The superior of the church in the village of Plotava, Voronezh diocese, at the beginning of the revolution was Fr. James Vladimirov. In relation to his parishioners he was like a father to his children, and exhorted them to have apiaries and gardens and in general raise their economic level. And the villagers of Plotava were noticeably more prosperous than their neighbours. The Bolsheviks called them a band of kulaks.
When Bolshevik circles in Voronezh started talking about the liquidation of the "influential popes", one Plotava villager, a Bolshevik and well-known horse thief, denounced Fr. James in those terms. Soon five "investigators" appeared at Fr. James' house and graciously asked him for permission to spend the night there, the more so in that, apart from other small matters, there was "a trivial complaint" against Fr. James, too, which they were "nevertheless obliged to look into in the morning". After supper, they chatted in a gracious manner for several minutes with the family and then advised Fr. James to go to the school for the night "so that people should not think that Fr. James' conversations had influenced the incorruptible conscience of the investigators". That was what they said to matushka.
Worrying rumours spread through the village. Late in the evening a group of about 60 parishioners arrived at the school so as to spend the night with their spiritual father and not allow him to be insulted.
In the morning, having graciously thanked matushka for her tasty breakfast, the investigators went to the school for the interrogation. The whole village was already there. The people had gathered to defend their batushka at the investigation. A machine-gun appeared at the reserve grain store. The investigators went out onto the street with Fr. James and his parish guard and went towards the store. Matushka and her 15-year-old son Alexis also came up. The senior investigator removed Fr. James' gold watch and put it in his pocket. Only then did some people notice that a pit had been dug behind the store. Fr. James signed himself with the sign of the cross and began to pray. He did not say one word in his own defence. The investigator lifted his hair and shot him in the back of the head. A part of his face was blown off. Fr. James fell into the pit. Another investigator came up and shot matushka. She fell. Then he went up to Alyosha and said:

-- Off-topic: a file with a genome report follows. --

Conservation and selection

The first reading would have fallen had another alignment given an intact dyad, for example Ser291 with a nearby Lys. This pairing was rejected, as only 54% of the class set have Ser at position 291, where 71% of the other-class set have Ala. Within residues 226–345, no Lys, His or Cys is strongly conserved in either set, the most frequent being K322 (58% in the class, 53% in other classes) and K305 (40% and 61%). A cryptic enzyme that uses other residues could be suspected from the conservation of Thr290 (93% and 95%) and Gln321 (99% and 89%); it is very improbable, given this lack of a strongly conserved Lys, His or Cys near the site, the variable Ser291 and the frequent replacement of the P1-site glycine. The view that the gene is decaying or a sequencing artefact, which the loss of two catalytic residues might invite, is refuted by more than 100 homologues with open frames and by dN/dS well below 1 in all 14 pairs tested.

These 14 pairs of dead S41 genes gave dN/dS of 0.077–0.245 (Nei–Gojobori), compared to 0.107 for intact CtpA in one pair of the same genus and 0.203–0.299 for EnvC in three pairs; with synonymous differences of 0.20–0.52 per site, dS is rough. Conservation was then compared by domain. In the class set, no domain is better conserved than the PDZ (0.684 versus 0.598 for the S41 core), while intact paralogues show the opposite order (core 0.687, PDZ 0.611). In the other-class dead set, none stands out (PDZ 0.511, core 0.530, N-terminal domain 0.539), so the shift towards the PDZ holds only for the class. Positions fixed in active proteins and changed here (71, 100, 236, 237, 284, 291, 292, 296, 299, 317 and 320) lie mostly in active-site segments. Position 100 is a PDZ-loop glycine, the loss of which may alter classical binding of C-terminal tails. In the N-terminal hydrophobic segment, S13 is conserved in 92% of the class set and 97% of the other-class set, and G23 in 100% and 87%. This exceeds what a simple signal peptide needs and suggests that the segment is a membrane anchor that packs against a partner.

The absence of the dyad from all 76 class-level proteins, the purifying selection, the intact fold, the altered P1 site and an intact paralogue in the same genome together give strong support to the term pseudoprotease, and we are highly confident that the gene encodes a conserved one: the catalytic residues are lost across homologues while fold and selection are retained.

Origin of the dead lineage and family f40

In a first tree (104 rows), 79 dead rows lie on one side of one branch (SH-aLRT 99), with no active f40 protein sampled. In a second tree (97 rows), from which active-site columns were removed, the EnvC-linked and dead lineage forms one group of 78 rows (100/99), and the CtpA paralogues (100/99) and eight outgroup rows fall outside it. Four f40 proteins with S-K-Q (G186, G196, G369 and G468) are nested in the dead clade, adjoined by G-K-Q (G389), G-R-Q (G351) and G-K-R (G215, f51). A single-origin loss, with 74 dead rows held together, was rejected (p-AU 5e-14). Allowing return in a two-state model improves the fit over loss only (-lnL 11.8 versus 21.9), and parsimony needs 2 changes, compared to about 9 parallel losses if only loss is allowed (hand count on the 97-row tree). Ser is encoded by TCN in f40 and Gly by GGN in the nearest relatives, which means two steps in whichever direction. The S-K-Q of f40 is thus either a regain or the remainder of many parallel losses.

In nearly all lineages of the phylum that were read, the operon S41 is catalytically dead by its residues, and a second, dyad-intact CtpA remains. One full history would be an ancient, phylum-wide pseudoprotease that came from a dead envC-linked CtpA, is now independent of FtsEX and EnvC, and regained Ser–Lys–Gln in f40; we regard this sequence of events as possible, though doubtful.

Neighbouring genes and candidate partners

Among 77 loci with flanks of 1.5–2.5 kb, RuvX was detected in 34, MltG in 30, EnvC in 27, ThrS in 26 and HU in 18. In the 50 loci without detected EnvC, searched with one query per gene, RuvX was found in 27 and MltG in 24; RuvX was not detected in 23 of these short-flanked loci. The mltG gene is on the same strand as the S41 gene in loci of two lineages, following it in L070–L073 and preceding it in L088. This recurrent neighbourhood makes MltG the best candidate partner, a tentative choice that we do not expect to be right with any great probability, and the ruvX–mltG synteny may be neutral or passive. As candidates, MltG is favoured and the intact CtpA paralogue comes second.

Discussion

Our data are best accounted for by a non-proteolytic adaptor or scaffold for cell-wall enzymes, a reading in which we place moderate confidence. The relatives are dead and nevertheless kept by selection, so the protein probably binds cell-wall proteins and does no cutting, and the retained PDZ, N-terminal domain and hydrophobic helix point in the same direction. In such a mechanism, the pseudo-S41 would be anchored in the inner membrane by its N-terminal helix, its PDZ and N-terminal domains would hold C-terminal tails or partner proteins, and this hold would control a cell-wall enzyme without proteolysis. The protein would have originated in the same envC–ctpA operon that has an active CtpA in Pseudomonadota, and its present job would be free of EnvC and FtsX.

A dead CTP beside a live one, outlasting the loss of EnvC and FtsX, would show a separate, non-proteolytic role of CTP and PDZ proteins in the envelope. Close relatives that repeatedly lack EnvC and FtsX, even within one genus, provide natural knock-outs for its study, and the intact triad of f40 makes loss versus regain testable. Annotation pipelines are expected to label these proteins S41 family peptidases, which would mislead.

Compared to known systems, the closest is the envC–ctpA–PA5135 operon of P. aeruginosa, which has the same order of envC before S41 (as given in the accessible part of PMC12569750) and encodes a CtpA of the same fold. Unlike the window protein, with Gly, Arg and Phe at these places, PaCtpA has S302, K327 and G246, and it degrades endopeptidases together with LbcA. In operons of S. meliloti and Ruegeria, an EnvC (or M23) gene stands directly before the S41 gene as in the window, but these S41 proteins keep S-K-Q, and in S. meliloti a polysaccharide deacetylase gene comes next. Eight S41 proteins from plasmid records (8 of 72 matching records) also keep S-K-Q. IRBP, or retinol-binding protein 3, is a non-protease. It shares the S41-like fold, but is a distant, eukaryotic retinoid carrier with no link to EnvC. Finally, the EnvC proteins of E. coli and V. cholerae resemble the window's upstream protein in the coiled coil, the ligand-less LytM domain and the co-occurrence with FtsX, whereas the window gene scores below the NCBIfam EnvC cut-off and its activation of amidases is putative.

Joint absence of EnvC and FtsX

"I think you've got nothing to live for after all this. So why waste your boots? Sit down and take off your boots."
Alyosha sat down, took off his boots, and did not get up again.
The people, terrified, fled in all directions. Some were ordered to fill in the pit. They did it weeping.
The younger son, the twelve-year-old Vanyusha, had spent the night half a verst from the village, at an apiary. One of the investigators went to the apiary. Vanyusha was not in the cabin. At the call of the investigator the boy's head turned up from behind a rock. The investigator fired. It was not Vanya who was killed, but a neighbouring boy. Fr. James' friends hurried to Vanya and told him what had happened. Vanya did not go home, but left Plotava.
This took place in 1918.
This story was recounted by Protopresbyter S.P. Tretyak, who also served the funeral service for the martyrs in their church.
(Source: Protopresbyter Michael Polsky, Noviye Mucheniki Rossijskiye, Jordanville, 1957, part 2, pp. 185-186)
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